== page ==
The Interagency Task Force on Illegal Hydrofluorocarbon (HFC) Trade in the United States has prevented illegal HFC shipments equivalent to approximately 530,000 metric tonnes of CO2 emissions over the past 10 weeks.
At its inaugural meeting this week, the taskforce said the 530,000 metric tonnes is equivalent to emissions from nearly 100,000 homes’ electricity use in one year.
As of January 1, 2022, when the United States Environmental Protection Agency (EPA)’s HFC Allowance Allocation and Trading program went into effect, the import of HFCs require allowances.
Shipments coming to US ports without proper allowances have been identified, stopped, and re-exported.
In September of 2021, the task force was established when the EPA issued a final rule initiating a comprehensive program to cap and phase down the production and consumption of climate-damaging HFCs in the United States, the potent greenhouse gases commonly used in refrigeration and air conditioning equipment.
A global phasedown of HFCs is expected to avoid up to 0.5 °C of global warming by 2100.
The HFC phasedown is projected to avoid approximately 4.6 billion metric tonnes of CO2 from 2022 – 2050 in the United States, or nearly equal to three years’ worth of US power sector emissions at 2019 levels.
The task force helps ensure the vast environmental benefits of the rule are realized by detecting, deterring, and disrupting any attempts to illegally import HFCs into the United States.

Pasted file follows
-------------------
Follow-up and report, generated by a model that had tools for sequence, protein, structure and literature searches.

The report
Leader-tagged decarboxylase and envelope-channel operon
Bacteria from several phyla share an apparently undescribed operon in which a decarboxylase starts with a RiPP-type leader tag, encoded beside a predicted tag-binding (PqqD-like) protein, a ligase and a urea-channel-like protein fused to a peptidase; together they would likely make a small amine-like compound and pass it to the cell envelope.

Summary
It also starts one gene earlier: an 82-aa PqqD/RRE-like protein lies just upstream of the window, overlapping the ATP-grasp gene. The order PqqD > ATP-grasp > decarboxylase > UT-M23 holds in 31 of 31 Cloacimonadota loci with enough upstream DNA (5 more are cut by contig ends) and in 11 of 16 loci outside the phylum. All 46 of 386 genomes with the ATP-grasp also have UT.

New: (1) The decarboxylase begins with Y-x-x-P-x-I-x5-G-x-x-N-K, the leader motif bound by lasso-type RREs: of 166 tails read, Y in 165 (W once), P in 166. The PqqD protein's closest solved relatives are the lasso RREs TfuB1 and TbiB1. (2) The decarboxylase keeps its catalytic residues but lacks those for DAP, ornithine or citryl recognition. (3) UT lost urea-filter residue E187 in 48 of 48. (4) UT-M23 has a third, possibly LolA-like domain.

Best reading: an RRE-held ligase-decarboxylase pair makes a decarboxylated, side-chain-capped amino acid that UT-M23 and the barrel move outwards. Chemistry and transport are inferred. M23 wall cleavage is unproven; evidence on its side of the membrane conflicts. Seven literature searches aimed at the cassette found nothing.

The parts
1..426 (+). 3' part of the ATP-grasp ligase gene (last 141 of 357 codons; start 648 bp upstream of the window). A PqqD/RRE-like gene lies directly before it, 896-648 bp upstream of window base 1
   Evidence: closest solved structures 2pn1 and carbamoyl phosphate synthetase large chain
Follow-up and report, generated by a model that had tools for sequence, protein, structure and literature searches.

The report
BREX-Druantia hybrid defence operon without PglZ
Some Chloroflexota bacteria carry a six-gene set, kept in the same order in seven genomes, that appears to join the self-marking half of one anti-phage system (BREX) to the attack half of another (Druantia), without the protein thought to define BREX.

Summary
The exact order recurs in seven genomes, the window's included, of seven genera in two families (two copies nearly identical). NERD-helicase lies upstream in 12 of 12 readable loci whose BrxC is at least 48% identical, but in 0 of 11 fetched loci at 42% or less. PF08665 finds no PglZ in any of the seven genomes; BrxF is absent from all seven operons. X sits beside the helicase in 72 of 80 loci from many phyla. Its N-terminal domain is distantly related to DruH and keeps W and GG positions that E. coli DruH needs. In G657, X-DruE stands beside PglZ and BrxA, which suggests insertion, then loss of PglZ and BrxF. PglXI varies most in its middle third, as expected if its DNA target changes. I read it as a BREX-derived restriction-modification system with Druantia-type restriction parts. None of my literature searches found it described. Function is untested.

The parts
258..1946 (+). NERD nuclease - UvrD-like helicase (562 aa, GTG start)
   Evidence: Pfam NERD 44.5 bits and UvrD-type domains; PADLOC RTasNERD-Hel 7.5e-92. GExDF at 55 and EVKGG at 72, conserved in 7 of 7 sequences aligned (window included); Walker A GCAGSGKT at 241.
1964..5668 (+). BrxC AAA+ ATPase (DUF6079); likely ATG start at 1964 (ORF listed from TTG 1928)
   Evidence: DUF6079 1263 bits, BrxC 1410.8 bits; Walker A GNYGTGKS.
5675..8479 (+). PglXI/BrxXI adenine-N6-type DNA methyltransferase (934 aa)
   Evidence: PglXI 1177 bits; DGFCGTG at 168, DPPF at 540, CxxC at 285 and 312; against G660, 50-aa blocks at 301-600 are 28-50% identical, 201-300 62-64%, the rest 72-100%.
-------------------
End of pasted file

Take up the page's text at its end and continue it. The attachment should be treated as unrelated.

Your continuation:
Principal deputy assistant administrator for the Office of Air and Radiation, Joe Goffman, said the taskforce is sending a clear message to potential violators that the US is fortifying its borders against illegal imports.
He said strict enforcement of the HFC allowance program ensures that US efforts to phase down these climate-damaging chemicals are successful.
Acting assistant administrator of the Office of Enforcement and Compliance Assurance, Lawrence Starfield, said the EPA will continue to work in close collaboration with its federal partners to implement a multi-pronged enforcement strategy that includes pursuing civil and criminal violations of the law.
Knowing violations of the AIM Act and related smuggling crimes may result in criminal fines, imprisonment, and other penalties as appropriate.
The task force is co-chaired by EPA and the Department of Homeland Security, and includes Customs and Border Protection, Department of Defense, Department of Justice, and Department of State.
In addition to stopping illegal imports at the border, the task force also announced that EPA has issued 14 Notices of Violation to companies that have allegedly failed to comply with HFC reporting obligations under the Greenhouse Gas Reporting Program (GHGRP).
These companies are HFC importers who received HFC allowances after reporting late.